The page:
Trauma is what happens when our own fight-flight energies, mobilized by our reptilian brains firing up the sympathetic system in response to a perceived survival threat, get trapped in the body with no way to exit. The traumatized person is someone whose body has lost touch with how to transition out of fight-flight, back into parasympathetic rest-and-digest. Such a person is at the mercy of “trauma triggers” – or events in present day life which sends her back to that hyper-aroused state she has never quite figured out how to get out of. When trauma is triggered by events that might not even be related, we are nevertheless automatically directed into fight flight again, from which state we experience ourselves as imprisoned in a sustained, hellish condition of constant stress.
Being in fight flight mode affects our thinking and our perception – life appears to be full of threats that need to be avoided or battled, but which we do not have the confidence we can face. When triggered into fight-flight, which happens very easily for traumatized people, who are sensitized to perceive threats everywhere, the body is arrested, stuck in a rut, unable to move back down into feelings of safety, even decades after the threatening event is technically over. How did those of us with trauma develop this glitch in our nervous systems? The answer lies in our personal histories. If, when we were growing up, we were in a situation that involved overwhelming threats to our survival on a regular enough basis, we may have been hardwired to stay in fight-flight a lot of the time.
For a child, survival depends not just on staying safe from attackers, but also on managing to get our parents, teachers, and communities to care appropriately for our many needs. The world of adults around us was likely filled with people who were too wounded themselves to create the conditions we deeply needed to feel genuinely safe in all the ways a child does. Even if our basic needs for food, shelter, and protection from harm were met, our little reptilian brains would fire up the sympathetic system if there was any threat of abandonment or rejection, any kind of withdrawal of love, any disapproval, or expression of intense anger. An added challenge is that when we are in fight or flight mode, our body is mobilizing us for action.
However, the action our body is mobilizing for may be unwise to act on in that situation. This is even more the case for children: to actually fight our opponents, to scream with rage or express the fight response, was frowned upon at best and at worst would put us at risk for further attack, just as to flee would mean to have no food, shelter, protection or love anymore and was therefore impossible. When the people upon whom we were forced to depend for survival were also the source of intense, annihilating threats like sexual abuse, we were especially trapped, bombarded with physiological impulses we had to suppress. A person who grew up in those ways will often have a baseline of fight-flight.
For her, the normal state is to be hypervigilant, always scanning the environment for danger, with the reptilian brain frequently in charge, in a world full of overwhelming threats. This state of constant sympathetic overdrive usually carries on even when she has actually grown into an adult well able to remove herself out of the influence of a threatening person or place, whose survival is no longer dependent upon the love of her parents. Through being in fight-flight so much during formative years, her very perception becomes chronically colored with its primitive, reptilian understanding of the world as a place of danger.
For such a person, forever trapped in an uncomfortable, hypervigilant, stressed state, drugs and alcohol may be experienced as a safe way to modulate herself and get some blessed relief. Since her body has forgotten how to return from a state of hyperarousal back down to feelings of safety, she uses drugs to get herself there. On the flip side, she may be drawn to stimulants that help her stay in a speedy, amped up place where she feels more safe from danger because her body is in the hyper-aroused state she associates with readiness to respond in time to threats. You can see that for a woman with trauma responses coded into her body who also has problems with substance abuse, she will need to find a way to get her natural system of returning to safety working again.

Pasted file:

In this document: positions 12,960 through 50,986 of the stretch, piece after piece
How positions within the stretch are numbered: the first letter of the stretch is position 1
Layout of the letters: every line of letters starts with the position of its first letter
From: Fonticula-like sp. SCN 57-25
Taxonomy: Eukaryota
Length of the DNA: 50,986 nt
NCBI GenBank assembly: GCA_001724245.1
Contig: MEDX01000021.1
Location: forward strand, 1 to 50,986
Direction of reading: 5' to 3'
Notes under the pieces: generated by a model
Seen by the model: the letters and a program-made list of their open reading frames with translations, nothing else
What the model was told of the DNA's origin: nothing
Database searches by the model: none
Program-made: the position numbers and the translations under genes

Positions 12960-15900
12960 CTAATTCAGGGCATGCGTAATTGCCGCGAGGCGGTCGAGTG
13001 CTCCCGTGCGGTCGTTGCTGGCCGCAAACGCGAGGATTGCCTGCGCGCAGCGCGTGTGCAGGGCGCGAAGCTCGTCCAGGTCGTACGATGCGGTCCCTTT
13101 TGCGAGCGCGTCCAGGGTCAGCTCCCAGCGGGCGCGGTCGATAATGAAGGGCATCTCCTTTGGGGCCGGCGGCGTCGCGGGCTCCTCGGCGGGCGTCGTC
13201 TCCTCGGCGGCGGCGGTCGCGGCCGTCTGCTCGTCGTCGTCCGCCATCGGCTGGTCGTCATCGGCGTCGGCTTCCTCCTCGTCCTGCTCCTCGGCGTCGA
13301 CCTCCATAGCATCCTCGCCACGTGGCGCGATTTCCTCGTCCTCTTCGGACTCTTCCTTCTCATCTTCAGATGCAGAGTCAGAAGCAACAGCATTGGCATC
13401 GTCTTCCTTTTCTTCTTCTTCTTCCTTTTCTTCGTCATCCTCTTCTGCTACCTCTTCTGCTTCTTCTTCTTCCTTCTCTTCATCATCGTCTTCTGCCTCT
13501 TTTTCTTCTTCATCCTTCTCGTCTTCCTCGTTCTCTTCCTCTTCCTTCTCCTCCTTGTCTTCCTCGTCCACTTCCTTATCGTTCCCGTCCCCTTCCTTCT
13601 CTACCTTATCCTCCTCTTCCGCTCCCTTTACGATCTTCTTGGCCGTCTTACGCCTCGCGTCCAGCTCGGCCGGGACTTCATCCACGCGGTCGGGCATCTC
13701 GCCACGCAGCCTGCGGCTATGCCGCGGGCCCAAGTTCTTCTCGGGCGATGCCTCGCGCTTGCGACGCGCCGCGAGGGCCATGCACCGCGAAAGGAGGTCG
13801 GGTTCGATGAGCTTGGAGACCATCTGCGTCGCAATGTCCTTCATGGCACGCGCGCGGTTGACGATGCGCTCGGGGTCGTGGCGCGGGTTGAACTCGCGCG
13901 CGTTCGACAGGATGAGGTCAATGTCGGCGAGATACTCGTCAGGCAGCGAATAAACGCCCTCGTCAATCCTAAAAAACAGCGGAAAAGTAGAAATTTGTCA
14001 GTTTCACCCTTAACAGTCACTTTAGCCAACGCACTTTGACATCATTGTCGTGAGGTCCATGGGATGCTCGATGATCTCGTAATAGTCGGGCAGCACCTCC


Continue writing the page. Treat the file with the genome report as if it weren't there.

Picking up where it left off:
If she stays stuck in high fight-flight, stressed out, overwhelmed, both angry and terrified, which are the emotions that accompany that state, she will always be tempted to use drugs to get her out of there. If she can reactivate and repair her natural system of restoration, however, she can learn how to free herself from that state. Trauma therapy and therapists work with the body’s natural ability to return itself to safe feelings. Through finding what safety feels like, through what is called resourcing and in general through getting in touch with the body’s wisdom, trauma therapy therapists help get the parasympathetic running again.
Together, the client and trauma therapy therapist build a vast reserve of ways that the body can discover and sustain good feelings, until feeling safe is a stable, reliable and frequent experience. Once the body is regularly able to go into feelings safety and stay there, a person with trauma can finally process her history of overwhelming events little by little. This will happen in part through allowing some of her natural reactions of fighting and fleeing to get expressed, perhaps through art, exercise, and other outlets. She will also recover simply through allowing the parasympathetic system to return her to the experience of relaxed, open, delicious safety again and again. In this way, slowly and gently, her body will process, until the experience of overwhelming threat is finally actually over for her.
Personalized Trauma Therapy and PTSD Treatment Programs for Women
At Villa Kali Ma, we work with great care and recognition for the realities of trauma therapy and how it works in the body, brain, nervous system, and psyche. As a support, we provide a variety of different trauma therapy modalities and related PTSD treatment programs such as:
The types of practices that help a woman with trauma find her way back to experiences of goodness, safety and expansion that do not come from drugs and alcohol. From that state of feeling good, strong, relaxed, safe, and capable, she can finally begin to live with the sense of natural pleasure to be alive that nature intended her to have all along. At Villa Kali Ma, we invite you to explore our trauma therapy and PTSD treatment programs for women, and we openly and warmly welcome you to join our recovery community of healing.